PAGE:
Unfortunately for us analog enthusiasts, the Best Drum Machines are slowly becoming a rarity. It is disappointing in general that we have to say “real drum machine” to open this article because we remember the days when we would make simple twofold beats on our MPC 1000 in our studio room at the university. In our opinion, however, these pieces of music are still alive. Although VST software, MIDI keyboards, and Digital Audio Workstations have taken the market by storm (rightfully the technology and music equipment that are fully operational nowadays), there are still some solid drum machines on the market. Let’s have a look at them.
Here are the Top 10 Best Drum Machines
Let’s start this manual vigorously. By one of our favorite brands on the market in Arturia, the Drum Brute is exceptional when it comes to the total package for the Best drum machine. To start the highlights, you’ll get 17 full analog drum/percussion sounds and instruments in combination with a beautiful sequencer that acts as a solid standalone for making tracks. There is also a Steiner-Parker filter (two-mode) and other performance controls in case you want to go on stage.
The 64 steps and pattern sequencing is also to take knowledge, which means that we essentially have more possibilities than we have at our fingertips. If you want strictly analog, this thing is a beast and is completely polyphonic; however, for those who also use hybrid setups, you also get USB, MIDI and Clock I/O – why not? The Arturia DrumBrute is a monster if you can afford it and in our opinion one for the Best drum machines in the world.
Korg Volca Beats
Here is a handy little machine to watch. If you were looking for a model that was very analogous in all respects, here is one of the top hits at the moment. With Korg’s drum machine you have a user-friendly sequencer, analog-sounding drums (hot and thick), active step and step jump function, a MIDI IN for kicks and a small but sturdy battery-powered construction. We recommend to grab the Korg Volca Beats if you have a smaller, more affordable (falls a little over a hundred dollars, double check to ensure) drum machine that provides you with some classic analog sounds. Overall, this is one for the Best drum machines that you can buy right now.back to menu ↑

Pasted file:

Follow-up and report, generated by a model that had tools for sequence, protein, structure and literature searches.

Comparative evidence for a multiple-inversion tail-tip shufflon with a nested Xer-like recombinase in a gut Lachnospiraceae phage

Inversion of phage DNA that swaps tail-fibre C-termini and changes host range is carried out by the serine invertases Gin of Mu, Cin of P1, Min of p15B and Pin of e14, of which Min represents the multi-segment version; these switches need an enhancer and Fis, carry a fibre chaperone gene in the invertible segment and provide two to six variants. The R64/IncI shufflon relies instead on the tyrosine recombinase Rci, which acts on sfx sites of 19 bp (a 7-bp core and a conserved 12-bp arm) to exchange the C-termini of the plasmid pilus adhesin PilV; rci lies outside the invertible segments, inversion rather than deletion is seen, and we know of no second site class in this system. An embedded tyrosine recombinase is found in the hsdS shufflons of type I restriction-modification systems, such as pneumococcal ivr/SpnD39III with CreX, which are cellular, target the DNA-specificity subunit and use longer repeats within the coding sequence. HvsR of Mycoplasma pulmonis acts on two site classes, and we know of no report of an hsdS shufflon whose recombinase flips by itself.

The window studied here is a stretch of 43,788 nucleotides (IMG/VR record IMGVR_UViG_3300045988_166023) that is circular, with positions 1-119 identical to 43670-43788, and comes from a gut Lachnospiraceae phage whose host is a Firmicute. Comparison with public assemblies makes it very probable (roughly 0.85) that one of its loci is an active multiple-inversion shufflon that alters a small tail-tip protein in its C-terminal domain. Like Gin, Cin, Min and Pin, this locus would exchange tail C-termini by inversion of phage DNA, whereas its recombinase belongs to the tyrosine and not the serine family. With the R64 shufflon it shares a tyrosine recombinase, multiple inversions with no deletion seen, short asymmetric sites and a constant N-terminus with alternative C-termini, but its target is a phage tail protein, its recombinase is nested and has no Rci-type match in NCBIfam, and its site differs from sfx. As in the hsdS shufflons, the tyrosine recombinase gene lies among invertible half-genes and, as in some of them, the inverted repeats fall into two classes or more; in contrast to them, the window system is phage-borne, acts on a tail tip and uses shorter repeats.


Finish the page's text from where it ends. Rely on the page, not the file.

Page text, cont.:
Akai MPC Touch
Yes, we probably could have made an entire article based on strict MPC drum machines (actually we did that!), But this is their second appearance and with good reason. This is their latest MPC model so far and fades the lines of analog and digital, as it has a touch screen to start. It is quite criticized by music leaders, but that is what they want to do when something else comes on the market. To accentuate the touch, it actually brings us a computer built into your entire drum machine.
On the screen, you can configure your sequences (yes, there is a step sequencer in), adjust rpm, throw with the velocity, names of the tracks and more. By loading and editing sounds, samples and VSTs, and even tampering with the MIDI notes – it is built into the machine like a DAW. Do not forget that it also features MPC pads (backlit, RGB), a Q-Link and other buttons to add to your uses. Although a bit expensive, if you want the latest, look at the Akai MPC Touch which is one for the Best drum machines to buy.back to menu ↑